Friday, December 11, 2009

Two Errors in Obama's Nobel Speech

“…Perhaps the most profound issue surrounding my receipt of this prize is the fact that I am the Commander-in-Chief of a nation in the midst of two wars,” said President Obama, accepting the Nobel Prize for Peace on December 10. That fact was a stark incongruity that framed the speech and which made it an almost impossible situation for him. Yet it is that very incongruity that will make the speech endure. School children will read it for generations precisely because it eloquently addresses the inherent tension between peace and war.

He did far better than could have been expected under the circumstance, and delivered a very articulate speech on the topic of peace while commanding armies at war, still, I thought he said two wrong things.

One was his assertion of the universality of American values, which is a myopic, self-centered view. Obama listed “the” iconic American values as if they were automatically universal human truths: defense of human rights, the ideals of liberty, self-determination, equality and the rule of law, and so forth. In fact, not all people and not all governments embrace these values (obviously) which are very far from being universal human values. They just happen to be things that we believe are good. There are other ways to live. Obama does not try to force these values down the throats of others, as G.W. Bush often did, but to list them as universal virtues without qualification is an error that reveals a surprising blind spot.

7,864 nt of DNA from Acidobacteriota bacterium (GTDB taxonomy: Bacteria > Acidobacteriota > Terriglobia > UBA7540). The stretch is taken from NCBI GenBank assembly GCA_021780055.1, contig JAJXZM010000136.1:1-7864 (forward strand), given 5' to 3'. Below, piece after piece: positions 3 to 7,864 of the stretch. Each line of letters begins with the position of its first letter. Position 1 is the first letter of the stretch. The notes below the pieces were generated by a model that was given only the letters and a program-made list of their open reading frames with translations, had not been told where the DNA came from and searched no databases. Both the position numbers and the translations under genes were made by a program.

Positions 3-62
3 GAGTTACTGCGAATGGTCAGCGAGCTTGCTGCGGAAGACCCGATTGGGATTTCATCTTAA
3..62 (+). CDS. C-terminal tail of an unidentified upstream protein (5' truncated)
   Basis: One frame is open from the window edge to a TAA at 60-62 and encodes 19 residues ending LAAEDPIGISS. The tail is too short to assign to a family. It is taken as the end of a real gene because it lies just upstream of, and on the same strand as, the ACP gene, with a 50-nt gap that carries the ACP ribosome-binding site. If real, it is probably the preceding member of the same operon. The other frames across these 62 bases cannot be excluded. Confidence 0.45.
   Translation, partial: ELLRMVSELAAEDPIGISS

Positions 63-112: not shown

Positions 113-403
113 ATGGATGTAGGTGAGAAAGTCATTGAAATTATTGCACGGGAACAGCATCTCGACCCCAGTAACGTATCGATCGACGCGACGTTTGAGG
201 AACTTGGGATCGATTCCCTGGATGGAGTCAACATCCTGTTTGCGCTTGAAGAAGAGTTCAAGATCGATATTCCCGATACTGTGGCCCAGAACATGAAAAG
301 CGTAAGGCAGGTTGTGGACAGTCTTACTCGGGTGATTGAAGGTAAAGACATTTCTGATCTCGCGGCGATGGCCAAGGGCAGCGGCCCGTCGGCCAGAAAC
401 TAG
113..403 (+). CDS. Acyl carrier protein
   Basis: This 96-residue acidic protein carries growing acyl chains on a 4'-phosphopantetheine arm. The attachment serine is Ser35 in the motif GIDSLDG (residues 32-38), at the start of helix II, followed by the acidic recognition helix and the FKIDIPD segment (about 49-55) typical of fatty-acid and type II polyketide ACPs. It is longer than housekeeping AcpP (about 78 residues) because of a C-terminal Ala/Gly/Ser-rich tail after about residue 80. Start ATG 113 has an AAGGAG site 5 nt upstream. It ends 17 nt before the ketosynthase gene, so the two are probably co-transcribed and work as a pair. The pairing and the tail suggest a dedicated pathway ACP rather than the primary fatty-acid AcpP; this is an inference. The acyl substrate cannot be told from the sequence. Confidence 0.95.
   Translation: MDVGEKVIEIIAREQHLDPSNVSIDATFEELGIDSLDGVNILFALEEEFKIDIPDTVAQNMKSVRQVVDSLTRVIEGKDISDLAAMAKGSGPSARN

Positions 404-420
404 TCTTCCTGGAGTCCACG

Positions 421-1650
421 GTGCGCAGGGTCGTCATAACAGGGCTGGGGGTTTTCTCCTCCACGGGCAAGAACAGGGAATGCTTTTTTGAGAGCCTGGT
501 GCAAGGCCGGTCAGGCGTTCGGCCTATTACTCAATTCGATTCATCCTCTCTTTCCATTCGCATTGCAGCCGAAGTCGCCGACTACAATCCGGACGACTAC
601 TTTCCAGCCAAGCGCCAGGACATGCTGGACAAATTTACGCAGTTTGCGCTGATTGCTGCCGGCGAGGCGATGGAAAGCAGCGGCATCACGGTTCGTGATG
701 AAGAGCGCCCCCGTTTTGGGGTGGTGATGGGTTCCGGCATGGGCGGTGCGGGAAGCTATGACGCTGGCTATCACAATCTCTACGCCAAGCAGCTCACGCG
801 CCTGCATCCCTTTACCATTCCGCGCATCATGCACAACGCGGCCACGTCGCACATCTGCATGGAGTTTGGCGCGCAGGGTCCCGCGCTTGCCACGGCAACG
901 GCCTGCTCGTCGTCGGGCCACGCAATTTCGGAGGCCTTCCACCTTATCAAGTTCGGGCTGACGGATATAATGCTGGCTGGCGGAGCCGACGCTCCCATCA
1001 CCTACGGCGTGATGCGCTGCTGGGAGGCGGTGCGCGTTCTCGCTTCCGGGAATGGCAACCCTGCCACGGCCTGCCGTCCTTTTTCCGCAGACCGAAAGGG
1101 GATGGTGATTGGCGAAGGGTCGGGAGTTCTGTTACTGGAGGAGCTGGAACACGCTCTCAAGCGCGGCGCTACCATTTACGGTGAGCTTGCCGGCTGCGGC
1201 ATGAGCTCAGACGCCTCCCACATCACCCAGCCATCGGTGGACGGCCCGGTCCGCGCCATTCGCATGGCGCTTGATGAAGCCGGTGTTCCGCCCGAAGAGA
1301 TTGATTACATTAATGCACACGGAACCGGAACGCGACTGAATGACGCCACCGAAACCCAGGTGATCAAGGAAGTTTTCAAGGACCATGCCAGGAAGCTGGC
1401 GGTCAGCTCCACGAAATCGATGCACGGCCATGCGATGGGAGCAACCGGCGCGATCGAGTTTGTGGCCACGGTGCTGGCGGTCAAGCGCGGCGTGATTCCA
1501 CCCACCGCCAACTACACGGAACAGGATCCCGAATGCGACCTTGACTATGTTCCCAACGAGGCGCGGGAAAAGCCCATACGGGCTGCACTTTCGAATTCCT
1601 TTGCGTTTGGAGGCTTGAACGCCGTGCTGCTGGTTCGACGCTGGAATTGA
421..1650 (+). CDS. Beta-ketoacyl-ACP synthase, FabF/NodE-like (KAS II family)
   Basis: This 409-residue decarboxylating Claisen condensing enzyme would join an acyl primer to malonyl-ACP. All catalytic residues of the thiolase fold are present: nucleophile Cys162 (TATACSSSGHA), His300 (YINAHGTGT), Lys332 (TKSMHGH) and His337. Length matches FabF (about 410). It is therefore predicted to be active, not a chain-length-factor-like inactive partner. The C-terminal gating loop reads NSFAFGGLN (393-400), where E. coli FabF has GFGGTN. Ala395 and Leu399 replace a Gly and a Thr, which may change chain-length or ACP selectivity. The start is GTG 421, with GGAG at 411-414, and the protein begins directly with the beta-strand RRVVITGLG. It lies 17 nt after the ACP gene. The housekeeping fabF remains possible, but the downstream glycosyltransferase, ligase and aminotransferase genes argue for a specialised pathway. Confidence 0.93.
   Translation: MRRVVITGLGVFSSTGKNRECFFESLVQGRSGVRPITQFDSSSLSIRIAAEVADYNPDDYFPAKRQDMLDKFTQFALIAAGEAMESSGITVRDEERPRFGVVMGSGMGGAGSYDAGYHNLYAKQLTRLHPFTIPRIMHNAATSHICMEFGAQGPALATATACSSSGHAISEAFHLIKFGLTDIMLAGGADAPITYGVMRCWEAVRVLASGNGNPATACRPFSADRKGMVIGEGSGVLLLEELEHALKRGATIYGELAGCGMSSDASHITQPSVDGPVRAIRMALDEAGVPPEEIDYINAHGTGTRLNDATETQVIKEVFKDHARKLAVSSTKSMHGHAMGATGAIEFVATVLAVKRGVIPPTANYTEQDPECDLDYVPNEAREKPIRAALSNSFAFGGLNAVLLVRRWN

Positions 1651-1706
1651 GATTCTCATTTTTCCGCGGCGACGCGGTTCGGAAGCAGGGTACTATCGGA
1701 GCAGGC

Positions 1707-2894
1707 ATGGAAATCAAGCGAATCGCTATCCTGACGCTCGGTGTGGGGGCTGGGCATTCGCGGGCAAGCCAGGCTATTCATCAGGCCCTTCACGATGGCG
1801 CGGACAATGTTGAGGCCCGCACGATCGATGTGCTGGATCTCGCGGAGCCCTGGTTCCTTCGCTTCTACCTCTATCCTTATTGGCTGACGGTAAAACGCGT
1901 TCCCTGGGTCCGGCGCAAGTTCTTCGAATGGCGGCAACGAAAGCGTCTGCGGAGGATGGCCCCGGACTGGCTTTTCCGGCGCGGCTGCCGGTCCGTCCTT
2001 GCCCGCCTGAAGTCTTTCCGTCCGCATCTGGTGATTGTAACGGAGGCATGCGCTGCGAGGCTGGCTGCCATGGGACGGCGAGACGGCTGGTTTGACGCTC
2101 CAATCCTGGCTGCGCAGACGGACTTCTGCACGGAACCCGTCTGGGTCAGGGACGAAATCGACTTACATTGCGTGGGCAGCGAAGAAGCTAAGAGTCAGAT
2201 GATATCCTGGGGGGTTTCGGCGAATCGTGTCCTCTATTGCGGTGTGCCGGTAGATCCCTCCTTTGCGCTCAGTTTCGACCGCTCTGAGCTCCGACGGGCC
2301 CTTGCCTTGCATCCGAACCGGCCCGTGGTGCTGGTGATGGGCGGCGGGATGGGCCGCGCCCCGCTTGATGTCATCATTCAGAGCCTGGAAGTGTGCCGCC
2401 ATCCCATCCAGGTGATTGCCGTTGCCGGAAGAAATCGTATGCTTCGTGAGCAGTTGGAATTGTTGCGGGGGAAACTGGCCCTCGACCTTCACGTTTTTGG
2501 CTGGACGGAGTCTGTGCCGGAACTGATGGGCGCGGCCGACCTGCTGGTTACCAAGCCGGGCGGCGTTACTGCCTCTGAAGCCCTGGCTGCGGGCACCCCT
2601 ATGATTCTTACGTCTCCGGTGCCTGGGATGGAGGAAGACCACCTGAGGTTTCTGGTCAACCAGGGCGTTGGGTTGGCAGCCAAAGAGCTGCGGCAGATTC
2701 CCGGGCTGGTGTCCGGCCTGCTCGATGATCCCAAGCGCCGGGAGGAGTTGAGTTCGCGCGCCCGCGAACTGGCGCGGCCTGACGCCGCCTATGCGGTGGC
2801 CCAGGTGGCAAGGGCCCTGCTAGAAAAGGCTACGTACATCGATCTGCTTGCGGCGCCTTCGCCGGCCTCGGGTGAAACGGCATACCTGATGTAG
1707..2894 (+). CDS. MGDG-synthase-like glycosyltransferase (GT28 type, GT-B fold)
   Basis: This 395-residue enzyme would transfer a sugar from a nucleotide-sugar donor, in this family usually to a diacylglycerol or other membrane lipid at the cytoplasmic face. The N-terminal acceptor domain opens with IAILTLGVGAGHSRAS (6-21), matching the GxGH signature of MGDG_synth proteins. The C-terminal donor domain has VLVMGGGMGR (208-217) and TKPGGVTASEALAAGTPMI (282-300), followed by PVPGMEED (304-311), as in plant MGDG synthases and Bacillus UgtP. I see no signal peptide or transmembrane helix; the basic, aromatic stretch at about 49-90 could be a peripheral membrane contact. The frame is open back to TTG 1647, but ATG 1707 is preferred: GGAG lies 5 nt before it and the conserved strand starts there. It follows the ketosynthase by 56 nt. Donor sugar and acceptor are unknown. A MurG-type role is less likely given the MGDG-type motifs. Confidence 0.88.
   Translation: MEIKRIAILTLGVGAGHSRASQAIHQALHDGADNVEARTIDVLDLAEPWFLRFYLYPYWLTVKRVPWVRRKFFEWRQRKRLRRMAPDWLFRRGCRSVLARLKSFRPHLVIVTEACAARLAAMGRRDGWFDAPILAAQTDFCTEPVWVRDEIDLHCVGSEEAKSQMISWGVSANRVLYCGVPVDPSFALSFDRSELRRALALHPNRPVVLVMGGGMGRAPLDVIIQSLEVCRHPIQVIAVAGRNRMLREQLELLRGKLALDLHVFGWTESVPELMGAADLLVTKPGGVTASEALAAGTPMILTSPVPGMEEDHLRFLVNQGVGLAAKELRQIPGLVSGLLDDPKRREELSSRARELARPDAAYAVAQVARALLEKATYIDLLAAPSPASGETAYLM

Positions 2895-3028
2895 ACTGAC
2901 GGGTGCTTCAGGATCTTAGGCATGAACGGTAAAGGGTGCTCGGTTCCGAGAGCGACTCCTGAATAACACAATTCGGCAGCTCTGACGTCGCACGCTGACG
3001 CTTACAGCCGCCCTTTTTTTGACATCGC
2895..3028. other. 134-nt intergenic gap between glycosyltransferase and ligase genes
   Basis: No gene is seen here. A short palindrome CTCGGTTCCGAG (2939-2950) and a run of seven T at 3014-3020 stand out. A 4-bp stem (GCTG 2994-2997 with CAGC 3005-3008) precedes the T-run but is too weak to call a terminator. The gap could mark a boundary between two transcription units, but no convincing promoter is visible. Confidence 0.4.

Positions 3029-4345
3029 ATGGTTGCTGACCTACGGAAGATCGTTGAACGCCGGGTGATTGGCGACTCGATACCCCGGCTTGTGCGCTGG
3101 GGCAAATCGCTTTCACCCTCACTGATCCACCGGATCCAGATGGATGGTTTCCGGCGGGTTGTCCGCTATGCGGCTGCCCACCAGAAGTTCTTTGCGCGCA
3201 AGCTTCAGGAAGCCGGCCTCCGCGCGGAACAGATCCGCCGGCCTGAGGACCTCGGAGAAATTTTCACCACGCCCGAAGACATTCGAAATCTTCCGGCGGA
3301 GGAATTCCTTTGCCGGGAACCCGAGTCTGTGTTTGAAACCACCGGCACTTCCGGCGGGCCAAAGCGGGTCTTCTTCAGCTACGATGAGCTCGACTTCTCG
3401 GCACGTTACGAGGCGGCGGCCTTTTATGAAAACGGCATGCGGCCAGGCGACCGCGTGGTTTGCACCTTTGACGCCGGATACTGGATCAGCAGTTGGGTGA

The second wrong thing Obama said was that “…Evil does exist in the world.” It is true, as he explained, “A non-violent movement could not have halted Hitler's armies. Negotiations cannot convince al Qaeda's leaders to lay down their arms.” These “small men with outsize rage,” as he called them, cannot be spoken to. Unfortunately they must be killed, in self-defense. That is the sad reality. But that does not imply they are evil. It just means we are unable to talk with them because of utterly incompatible world views.

If a rabid dog attacks you, you may have to kill it, but that does not make the dog evil. It just means that, regrettably, you have no other method of communication. This is a distinction I thought Obama would be familiar with, and I was surprised to hear him invoke the Manichaeism that G.W. was so fond of. It is an erroneous and dangerous way to characterize your enemy.

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